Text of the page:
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A Blog about Public and Development Economics

Child Mortality Rates Fall Worldwide

The Economist reports that, according to a report published by Unicef, mortality rates for children under five years old have declined throughout the world, including in most major regions and in countries with little development to full industrialization. The Economist writes:

The child mortality rate—the number of under-fives dying per thousand live births—declined from 90 in 1990 to 65 in 2008, a drop of over a quarter. The number of deaths has fallen from 12.5m in 1990 to 8.8m last year, the lowest since records began in 1960. The biggest improvements are in Latin America and the former Soviet Union, where mortality rates have fallen by more than half. Progress in sub-Saharan Africa, which now accounts for half of all deaths, has been slower, but Niger, Malawi, Mozambique and Ethiopia have seen reductions of more than 100 per 1,000 livebirths since 1990. The report notes that despite big improvements in preventing malaria, one of the three main causes of deaths, much more needs to be done to treat the other two causes, pneumonia and diarrhoea.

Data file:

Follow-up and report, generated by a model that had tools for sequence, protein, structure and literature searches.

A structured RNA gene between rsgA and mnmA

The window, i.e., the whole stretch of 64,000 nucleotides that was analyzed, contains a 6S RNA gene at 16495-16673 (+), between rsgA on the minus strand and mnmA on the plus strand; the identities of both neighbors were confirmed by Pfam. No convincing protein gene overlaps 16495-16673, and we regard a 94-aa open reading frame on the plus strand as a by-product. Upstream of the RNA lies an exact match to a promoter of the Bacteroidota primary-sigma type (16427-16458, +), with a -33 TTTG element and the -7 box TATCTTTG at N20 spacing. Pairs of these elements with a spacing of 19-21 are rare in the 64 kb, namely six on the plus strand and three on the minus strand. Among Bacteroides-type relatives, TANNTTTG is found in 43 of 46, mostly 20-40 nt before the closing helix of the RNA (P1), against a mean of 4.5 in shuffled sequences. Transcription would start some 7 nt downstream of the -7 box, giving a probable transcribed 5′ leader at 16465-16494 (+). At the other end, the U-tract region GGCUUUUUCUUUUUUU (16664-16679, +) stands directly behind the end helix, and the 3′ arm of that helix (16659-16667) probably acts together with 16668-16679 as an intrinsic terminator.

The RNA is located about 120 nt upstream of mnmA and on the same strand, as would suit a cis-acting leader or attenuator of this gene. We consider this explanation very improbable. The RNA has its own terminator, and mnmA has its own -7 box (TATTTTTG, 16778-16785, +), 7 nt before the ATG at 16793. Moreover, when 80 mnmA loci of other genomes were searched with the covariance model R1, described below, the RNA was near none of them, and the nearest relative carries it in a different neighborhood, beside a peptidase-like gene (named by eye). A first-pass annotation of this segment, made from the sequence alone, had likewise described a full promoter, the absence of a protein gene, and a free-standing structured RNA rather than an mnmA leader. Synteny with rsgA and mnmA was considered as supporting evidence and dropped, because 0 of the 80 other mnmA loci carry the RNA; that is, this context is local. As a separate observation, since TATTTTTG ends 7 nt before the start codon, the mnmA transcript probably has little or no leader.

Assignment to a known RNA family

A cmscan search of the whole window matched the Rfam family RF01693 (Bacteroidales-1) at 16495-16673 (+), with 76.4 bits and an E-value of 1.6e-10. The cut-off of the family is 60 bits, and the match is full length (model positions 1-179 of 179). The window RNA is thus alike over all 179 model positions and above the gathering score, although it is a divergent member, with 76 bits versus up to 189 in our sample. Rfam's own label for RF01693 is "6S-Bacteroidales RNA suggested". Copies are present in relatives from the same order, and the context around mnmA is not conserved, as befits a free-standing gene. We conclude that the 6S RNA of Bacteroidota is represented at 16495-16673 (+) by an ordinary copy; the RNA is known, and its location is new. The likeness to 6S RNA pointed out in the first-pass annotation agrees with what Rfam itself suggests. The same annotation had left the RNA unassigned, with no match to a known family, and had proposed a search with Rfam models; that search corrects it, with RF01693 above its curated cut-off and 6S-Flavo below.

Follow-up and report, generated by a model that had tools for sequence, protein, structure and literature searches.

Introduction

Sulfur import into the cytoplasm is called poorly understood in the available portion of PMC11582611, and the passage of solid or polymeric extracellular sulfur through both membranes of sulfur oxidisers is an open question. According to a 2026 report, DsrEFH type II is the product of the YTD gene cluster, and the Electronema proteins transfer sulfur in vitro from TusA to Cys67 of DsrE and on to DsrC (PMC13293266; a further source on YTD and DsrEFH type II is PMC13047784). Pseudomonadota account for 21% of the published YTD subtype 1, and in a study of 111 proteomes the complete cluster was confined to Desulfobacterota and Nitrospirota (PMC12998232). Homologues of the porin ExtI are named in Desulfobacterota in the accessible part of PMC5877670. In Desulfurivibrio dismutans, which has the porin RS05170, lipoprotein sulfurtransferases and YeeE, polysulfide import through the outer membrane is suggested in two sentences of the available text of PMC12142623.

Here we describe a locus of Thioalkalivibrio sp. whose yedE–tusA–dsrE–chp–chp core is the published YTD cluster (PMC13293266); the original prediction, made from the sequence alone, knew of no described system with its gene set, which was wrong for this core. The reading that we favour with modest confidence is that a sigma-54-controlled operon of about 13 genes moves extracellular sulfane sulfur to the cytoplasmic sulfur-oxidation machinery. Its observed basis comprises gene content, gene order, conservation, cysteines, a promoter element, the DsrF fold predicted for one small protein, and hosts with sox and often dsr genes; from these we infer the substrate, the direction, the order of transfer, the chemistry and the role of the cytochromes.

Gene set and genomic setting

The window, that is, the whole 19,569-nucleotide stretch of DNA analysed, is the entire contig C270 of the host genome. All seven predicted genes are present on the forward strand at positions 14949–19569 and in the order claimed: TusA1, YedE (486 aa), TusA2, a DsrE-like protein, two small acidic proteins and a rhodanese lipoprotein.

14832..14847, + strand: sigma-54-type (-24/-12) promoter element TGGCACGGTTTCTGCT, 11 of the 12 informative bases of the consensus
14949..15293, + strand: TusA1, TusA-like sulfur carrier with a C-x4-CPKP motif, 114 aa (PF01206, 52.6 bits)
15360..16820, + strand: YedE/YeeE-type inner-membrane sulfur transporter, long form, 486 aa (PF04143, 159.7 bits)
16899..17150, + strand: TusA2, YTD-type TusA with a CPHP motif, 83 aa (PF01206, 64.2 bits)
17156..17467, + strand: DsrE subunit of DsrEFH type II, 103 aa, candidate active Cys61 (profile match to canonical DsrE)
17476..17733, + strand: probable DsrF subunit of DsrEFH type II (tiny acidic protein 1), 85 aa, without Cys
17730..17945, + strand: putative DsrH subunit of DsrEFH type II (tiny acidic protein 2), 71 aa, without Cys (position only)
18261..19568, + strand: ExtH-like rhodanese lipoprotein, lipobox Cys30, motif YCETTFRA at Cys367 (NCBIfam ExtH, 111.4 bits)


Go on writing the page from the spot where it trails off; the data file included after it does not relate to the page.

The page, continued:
Falling Child Mortality Rates (via The Economist)

Falling Child Mortality Rates (via The Economist)

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Filed under: Development Economics, Health Care, Public Economics

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